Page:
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PAMPLONA, Spain (VN) — The biggest attraction last week at the Vuelta a España presentation wasn’t a half dozen Spanish stars or even the route itself; it was the presence of Miguel Indurain.
Now 47, the five-time winner of the Tour de France has become a relative recluse since retiring at the end of the 1996 season. Indurain drew bigger crowds than any of the day’s current stars.
Journalists and officials pushed in around Indurain moments following the presentation, leaving the likes of Denis Menchov standing uncomfortably alone and unnoticed.
“The good thing about the passing of time is to keep counting it,” Indurain joked about his post-racing lifestyle.
Indurain says he doesn’t miss much from his racing days and prefers to stay hidden away with his family than search out the spotlight that he never fully embraced when he became a Spanish national hero in the 1990s.
“Cycling’s changed in the sense that it’s more international and there are more global sponsors, but the racing hasn’t changed at all,” Indurain said. “I still follow the sport. I still love to watch the racing.”
On the mountainous Vuelta route, with 10 uphill finales in 21 stages and only one time trial, Indurain admitted a rider of his characteristics will not be winning.
“It would have been impossible for me to win this Vuelta — too many summit finishes and not enough time trials,” Indurain said of the 2012 Vuelta route. “But this is the kind of route the fans want, and the climbing specialists will have a great chance to win the race.”
Unlike many ex-pros who hang around the sport, serving as sport directors or working in the media, Indurain has preferred to stay close to home.
He rarely appears at races or other public events. He writes an occasional column for the Spanish sports daily, MARCA, but otherwise keeps a very low profile.
Indurain simply says he likes to be with his family and children.
“When you’re a professional, you’re away from home most of the year, racing, training and traveling,” he said. “Now I want to enjoy my family.”
Indurain has been largely immune to accusations of doping. So far, the Spanish media has left the iconic star alone while other contemporaries of the 1990s era have either admitted to using or been singled out as abusing EPO and other performance-enhancing drugs.
But Indurain has always been discrete, both during his racing career and after.
Indurain became a national hero in the 1990s as a symbol of a resurgent Spain.
Coupled with the 1992 Barcelona Olympic Games, Indurain’s five-straight Tour victories helped Spain project a modern image following decades of dictatorial dominance with Franco and a transition to democracy in the 1970s and 1980s.
Indurain fever swept Spain and bars would fill up each afternoon to watch live broadcasts of the Tour stages. When the Tour would enter the Pyrénées, thousands of crazed Spanish fans would clog the roads on the steepest climbs.
In 2011, there were scores of retrospectives on the 20th anniversary of Indurain’s first of five Tour victories.
His Tour run ended in 1996, when Indurain couldn’t respond to the attacks in the French Alps from Bjarne Riis, who later admitted he was doping on EPO en route to winning that year.
Two weeks later, when the Tour rolled into Pamplona in what was meant to be a homage to the Spanish star, Indurain would eventually finish 11th in what would be his final Tour.
Indurain said it was bittersweet that the Vuelta begins in Pamplona, where his hometown Villava is on the outskirts of the city made famous by Hemingway.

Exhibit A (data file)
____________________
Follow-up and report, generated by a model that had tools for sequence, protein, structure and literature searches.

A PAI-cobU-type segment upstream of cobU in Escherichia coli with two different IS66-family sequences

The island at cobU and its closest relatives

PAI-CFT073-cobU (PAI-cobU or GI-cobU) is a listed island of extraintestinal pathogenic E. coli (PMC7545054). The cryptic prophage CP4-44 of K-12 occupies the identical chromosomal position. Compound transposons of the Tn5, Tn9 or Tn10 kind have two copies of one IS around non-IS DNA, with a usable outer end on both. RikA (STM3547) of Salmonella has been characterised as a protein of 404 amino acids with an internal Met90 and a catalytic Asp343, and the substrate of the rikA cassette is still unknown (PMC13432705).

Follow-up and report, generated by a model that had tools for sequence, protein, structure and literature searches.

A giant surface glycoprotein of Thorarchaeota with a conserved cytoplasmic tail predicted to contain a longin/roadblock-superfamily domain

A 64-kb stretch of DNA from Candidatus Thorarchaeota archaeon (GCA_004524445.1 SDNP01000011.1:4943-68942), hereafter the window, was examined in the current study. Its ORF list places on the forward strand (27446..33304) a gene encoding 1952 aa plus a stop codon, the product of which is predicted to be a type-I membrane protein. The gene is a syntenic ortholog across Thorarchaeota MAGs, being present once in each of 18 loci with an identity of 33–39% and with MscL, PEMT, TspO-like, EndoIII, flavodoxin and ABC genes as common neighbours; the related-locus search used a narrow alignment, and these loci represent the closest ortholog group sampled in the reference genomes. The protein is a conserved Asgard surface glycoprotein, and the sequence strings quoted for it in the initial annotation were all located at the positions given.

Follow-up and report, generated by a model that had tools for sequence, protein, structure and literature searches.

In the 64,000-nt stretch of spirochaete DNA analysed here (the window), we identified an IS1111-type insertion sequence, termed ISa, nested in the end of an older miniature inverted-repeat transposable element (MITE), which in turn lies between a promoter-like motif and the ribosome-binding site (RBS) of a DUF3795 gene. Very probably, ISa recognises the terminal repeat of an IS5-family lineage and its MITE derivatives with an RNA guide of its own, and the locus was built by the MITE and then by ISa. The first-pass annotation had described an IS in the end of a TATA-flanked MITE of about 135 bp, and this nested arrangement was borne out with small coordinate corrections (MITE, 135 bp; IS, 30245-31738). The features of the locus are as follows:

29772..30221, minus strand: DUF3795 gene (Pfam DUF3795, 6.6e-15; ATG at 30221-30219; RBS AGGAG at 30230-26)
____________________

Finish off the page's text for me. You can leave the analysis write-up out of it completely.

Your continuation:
“This Vuelta is not a tribute to me, but to cycling in Navarra,” he said. “There is a lot of cycling tradition in this part of Spain and it will be beautiful to see the Vuelta pass so close to home.”
Despite winning two Giros and five straight Tours, Indurain never won the Vuelta. His best was second in 1991 and the Vuelta became his final race in 1996, when abandoned on the road to the Lagos de Covadonga climb. He never raced again.
“I gave away more victories than I won during my career,” Indurain said, who was famous for being a generous champion. “I could never win the Vuelta. I came close once with second, but the Tour became my major goal, so I never had the chance to really focus on the Vuelta.”
Indurain doesn’t like to dwell on his past and prefers the quiet life of a family man far from the media spotlight.
Indurain has three children and now does the things that most parents do, except that he has the luxury of not having to work. He picks up his kids each day at school and attends family functions as an everyday member of the community.
His oldest son, also named Miguel, just turned 16 and has recently picked up the bike. Indurain has also started to train again, going out on training rides with his son, but he insists he’s putting no pressure on Miguelín.
“I tell him to ride as long as he enjoys,” he said. “When he doesn’t, he can just give it up.”
Indurain is getting back into decent shape, good enough to put the hurt on others during group rides. Last summer, he participated in the 18th Marcha Cicloturista Pedro Delgado, that was dedicated to Indurain and the 20th anniversary of his first of five Tour victories.
Indurain rode at the front for nearly all of the elite men’s course, taking huge pulls, but eventually fading in the closing kilometers to finish 34th.
GP Indurain in trouble?
The race that bears his name — the GP Miguel Indurain (1.HC) — could be in trouble.
According to a report in the Diario de Navarra, organizers of the race, set for March 31, are facing a budget shortfall that could force the cancellation of the one-day race.
The lead organizer of a the racing club in Estella says that the racing club is 30,000 euros short of the 130,000-euro budget to hold the race. Government backing, to the tune of 60,000 euros last year, is still not assured for the 2012 edition.